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Category: Publications: Geotechnical and Structures Laboratory (GSL)
  • Probabilistic Neural Networks that Predict Compressive Strength of High Strength Concrete in Mass Placements using Thermal History

    Abstract: This study explored the use of artificial neural networks to predict UHPC compressive strengths given thermal history and key mix components. The model developed herein employs Bayesian variational inference using Monte Carlo dropout to convey prediction uncertainty using 735 datapoints on seven UHPC mixtures collected using a variety of techniques. Datapoints contained a measured compressive strength along with three curing inputs (specimen maturity, maximum temperature experienced during curing, time of maximum temperature) and five mixture inputs to distinguish each UHPC mixture (ce-ment type, silicon dioxide content, mix type, water to cementitious material ratio, and admixture dosage rate). Input analysis concluded that predictions were more sensitive to curing inputs than mixture inputs. On average, 8.2% of experimental results in the final model fell outside of the predicted range with 67.9%of these cases conservatively underpredicting. The results support that this model methodology is able to make sufficient probabilistic predictions within the scope of the provided dataset but is not for extrapo-lating beyond the training data. In addition, the model was vetted using various datasets obtained from literature to assess its versatility. Overall this model is a promising advancement towards predicting mechanical properties of high strength concrete with known uncertainties.
  • Waterborne Geophysical Investigation to Assess Condition of Grouted Foundation: Old River Control Complex – Low Sill Structure, Concordia Parish, Louisiana

    Abstract: The Old River Low Sill Structure (ORLSS) at the Old River Control Complex (ORCC) in Concordia Parish, LA, is a steel pile-founded, gated reinforced-concrete structure that regulates the flow of water into the Atchafalaya River to prevent an avulsion between the Mississippi River and the Atchafalaya River. A scour hole that formed on the southeast wall of ORLSS during the Mississippi River flood of 1973 was remediated with riprap placement and varied mixtures of self-leveling, highly pumpable grout. Non-invasive waterborne geophysical surveys were used to evaluate the distribution and condition of the grout within the remediated scour area. Highly conductive areas were identified from the surveys that were interpreted to consist mostly of grout. Resistive responses, likely representing mostly riprap and/or sediment, were encountered near the remediated scour area periphery. A complex mixture of materials in the remediated scour area is interpreted by the more gradual transitions in the geophysical response. Survey measurements immediately beneath ORLSS were impeded by the abundance of steel along with the structure itself. The survey results and interpretation provide a better understanding of the subsurface properties of ORLSS.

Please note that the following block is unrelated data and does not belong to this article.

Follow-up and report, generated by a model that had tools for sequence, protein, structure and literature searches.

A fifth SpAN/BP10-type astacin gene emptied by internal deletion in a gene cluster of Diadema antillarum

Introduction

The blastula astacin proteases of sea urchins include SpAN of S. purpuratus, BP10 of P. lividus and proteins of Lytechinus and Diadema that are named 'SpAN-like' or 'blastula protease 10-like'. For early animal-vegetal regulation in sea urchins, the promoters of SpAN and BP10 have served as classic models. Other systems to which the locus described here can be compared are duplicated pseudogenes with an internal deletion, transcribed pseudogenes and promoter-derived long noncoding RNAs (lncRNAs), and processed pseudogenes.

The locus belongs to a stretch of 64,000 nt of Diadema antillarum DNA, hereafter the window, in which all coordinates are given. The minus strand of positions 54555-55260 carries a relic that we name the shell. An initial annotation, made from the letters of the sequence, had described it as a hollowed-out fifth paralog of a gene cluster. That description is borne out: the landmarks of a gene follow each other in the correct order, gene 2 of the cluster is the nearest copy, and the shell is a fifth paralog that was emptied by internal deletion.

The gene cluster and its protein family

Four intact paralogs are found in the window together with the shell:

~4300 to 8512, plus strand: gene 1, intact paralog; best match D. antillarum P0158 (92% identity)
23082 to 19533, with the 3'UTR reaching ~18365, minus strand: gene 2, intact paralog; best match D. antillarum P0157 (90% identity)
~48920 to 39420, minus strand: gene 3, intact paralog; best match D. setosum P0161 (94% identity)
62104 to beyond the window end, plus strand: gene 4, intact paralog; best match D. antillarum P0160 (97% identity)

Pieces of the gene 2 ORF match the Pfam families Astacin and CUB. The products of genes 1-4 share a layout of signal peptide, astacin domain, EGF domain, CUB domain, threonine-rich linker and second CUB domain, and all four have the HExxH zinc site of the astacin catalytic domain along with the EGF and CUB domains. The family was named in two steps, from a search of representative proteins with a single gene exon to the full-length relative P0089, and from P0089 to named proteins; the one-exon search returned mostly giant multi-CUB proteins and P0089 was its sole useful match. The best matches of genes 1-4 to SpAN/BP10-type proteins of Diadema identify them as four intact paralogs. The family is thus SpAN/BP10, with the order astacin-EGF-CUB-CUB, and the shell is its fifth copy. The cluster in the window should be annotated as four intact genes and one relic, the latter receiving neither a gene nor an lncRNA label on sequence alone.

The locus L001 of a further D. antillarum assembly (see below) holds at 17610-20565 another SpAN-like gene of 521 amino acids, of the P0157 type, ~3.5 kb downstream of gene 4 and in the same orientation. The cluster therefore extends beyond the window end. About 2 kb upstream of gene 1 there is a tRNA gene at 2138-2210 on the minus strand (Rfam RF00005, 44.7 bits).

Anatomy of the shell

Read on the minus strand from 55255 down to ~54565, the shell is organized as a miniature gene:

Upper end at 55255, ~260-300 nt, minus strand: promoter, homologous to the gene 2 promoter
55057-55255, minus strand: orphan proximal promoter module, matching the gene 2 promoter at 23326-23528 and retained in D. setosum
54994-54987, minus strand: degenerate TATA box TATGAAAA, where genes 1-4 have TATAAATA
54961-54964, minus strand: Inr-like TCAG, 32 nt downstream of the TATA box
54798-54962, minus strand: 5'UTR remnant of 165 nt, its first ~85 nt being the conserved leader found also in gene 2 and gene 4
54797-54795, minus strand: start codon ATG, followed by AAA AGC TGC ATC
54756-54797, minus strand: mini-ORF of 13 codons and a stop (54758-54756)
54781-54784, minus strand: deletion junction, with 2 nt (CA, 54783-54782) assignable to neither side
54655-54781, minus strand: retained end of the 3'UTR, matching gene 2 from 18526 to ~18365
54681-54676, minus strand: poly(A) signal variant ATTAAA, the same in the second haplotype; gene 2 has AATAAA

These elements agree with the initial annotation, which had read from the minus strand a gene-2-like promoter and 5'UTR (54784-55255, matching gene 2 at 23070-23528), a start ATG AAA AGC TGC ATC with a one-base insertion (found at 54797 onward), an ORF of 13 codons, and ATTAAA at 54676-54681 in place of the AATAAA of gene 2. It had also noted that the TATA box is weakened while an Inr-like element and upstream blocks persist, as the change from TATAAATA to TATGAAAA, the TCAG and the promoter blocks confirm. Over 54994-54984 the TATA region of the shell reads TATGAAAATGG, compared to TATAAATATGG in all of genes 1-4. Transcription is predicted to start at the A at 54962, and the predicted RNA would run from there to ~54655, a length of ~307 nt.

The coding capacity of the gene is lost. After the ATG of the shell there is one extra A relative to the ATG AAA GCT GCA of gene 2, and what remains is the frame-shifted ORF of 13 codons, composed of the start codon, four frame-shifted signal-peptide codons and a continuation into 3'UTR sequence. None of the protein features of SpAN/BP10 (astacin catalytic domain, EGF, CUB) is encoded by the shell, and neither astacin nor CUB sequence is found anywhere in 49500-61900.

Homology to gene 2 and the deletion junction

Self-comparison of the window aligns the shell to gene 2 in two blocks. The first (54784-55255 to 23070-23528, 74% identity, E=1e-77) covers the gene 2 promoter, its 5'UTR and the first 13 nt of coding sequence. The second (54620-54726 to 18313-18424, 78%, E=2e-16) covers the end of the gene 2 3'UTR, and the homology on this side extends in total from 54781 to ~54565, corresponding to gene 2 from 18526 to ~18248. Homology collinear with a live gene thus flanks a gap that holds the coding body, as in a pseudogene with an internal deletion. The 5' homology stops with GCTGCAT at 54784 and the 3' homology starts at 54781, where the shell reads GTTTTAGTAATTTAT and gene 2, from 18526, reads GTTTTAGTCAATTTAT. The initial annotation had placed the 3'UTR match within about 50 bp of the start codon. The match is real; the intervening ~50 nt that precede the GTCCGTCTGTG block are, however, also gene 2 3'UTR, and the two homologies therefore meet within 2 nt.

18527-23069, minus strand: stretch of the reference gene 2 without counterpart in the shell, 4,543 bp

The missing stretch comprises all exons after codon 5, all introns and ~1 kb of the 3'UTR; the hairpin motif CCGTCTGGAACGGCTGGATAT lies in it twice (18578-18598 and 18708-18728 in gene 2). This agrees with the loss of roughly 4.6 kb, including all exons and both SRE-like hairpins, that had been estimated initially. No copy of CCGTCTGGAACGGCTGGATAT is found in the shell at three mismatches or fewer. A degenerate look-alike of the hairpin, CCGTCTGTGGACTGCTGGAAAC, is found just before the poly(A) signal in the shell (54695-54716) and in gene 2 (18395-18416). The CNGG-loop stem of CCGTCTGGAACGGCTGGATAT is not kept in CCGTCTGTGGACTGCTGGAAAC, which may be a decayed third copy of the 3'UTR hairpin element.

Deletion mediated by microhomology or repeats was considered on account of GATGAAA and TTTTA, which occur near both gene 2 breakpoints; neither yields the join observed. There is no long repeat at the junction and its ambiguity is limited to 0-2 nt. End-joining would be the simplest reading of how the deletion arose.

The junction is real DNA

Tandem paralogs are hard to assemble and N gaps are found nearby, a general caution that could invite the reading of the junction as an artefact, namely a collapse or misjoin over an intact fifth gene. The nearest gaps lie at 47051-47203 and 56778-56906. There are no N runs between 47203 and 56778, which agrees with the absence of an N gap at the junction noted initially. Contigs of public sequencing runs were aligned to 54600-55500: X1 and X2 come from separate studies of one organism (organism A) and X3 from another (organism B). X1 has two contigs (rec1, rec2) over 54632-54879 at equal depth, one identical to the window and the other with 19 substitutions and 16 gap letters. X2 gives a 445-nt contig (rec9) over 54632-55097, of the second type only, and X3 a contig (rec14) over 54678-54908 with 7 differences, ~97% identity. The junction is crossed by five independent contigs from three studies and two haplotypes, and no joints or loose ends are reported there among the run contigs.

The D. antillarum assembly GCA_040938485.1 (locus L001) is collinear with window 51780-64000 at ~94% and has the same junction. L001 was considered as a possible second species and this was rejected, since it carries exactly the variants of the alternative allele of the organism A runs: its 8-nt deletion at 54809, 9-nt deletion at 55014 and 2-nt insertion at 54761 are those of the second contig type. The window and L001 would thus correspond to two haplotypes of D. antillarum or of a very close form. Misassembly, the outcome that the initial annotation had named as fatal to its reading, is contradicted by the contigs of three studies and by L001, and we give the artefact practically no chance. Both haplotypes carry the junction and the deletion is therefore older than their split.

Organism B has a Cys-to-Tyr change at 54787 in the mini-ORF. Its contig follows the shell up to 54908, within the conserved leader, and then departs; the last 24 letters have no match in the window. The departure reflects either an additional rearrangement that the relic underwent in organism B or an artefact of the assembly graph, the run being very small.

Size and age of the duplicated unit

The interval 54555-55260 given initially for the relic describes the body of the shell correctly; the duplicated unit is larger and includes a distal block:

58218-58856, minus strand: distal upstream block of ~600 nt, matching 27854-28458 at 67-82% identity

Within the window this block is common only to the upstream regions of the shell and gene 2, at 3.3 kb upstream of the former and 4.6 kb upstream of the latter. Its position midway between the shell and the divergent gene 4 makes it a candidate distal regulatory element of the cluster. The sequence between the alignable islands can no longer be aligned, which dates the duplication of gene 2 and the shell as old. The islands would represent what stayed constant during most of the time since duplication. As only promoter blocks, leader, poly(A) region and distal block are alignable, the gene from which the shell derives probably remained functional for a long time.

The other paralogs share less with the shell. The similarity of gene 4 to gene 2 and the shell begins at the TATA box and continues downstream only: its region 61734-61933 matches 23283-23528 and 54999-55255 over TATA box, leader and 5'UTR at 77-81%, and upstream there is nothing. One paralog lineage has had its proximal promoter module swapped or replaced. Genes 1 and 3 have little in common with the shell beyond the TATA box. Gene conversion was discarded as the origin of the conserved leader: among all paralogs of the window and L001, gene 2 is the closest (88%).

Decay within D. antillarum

• Calculation of Levee-Breach Widening Rates

    Abstract: Inundation modeling is often conducted for levee systems to understand current flood risks. The extent of inundation caused by a breach in the levee is highly influenced by the widening rate of the levee breach. This study presents an approach for calculating levee-breach widening rates based on average flow velocity through the breach, embankment height, and erosion characteristics of the soil. Estimates of soil erodibility are derived through an analysis of the measurements of soil erodibility presented in the National Cooperative Highway Research Program (NCHRP) Report 915 database. Levee-breach widening rate curves are calculated based on these erosion properties to demonstrate the approach, and default curves are presented for typical levees built from coarse-grained soils and fine-grained soils. While the most accurate approach for a site is to calculate site-specific widening rate curves based on estimates of local soil erodibility, the default curves presented provide a suitable starting point for initial inundation modeling.
  • Terrestrial Fate and Effects of Nanometer-Sized Silver

    Abstract: Although engineered nanomaterials are active components in a wide variety of commercial products, there is still limited information related to the effects of these nanomaterials once released into the terrestrial environment. A high number of commercial applications use silver nanoparticles (nAg) due to its anti-microbial activity. This may be of concern for waste management since nAg could be applied to soil (e.g., biosolids) or disposed of in traditional landfills, which could lead to possible leaching into surrounding soil. This report aims to provide additional insight into the fate and effects of nAg in terrestrial systems. The studies in this report examine the leachability of nAg in field soil and compares the soil migration to bulk (i.e., micron-sized) silver; examine the ecotoxicity of nAg to earthworms in four field soils spanning several different soil orders; and examine the behavioral effects of earthworms when exposed to engineered nanoparticles in field soil. These data provide additional insight into engineered nanoparticle fate and effects to terrestrial receptors in field soils, an important distinction from laboratory-generated soils. These data will also assist ecological risk assessors to better determine the acute environmental risks of nAg in terrestrial ecosystems with different soil compositions.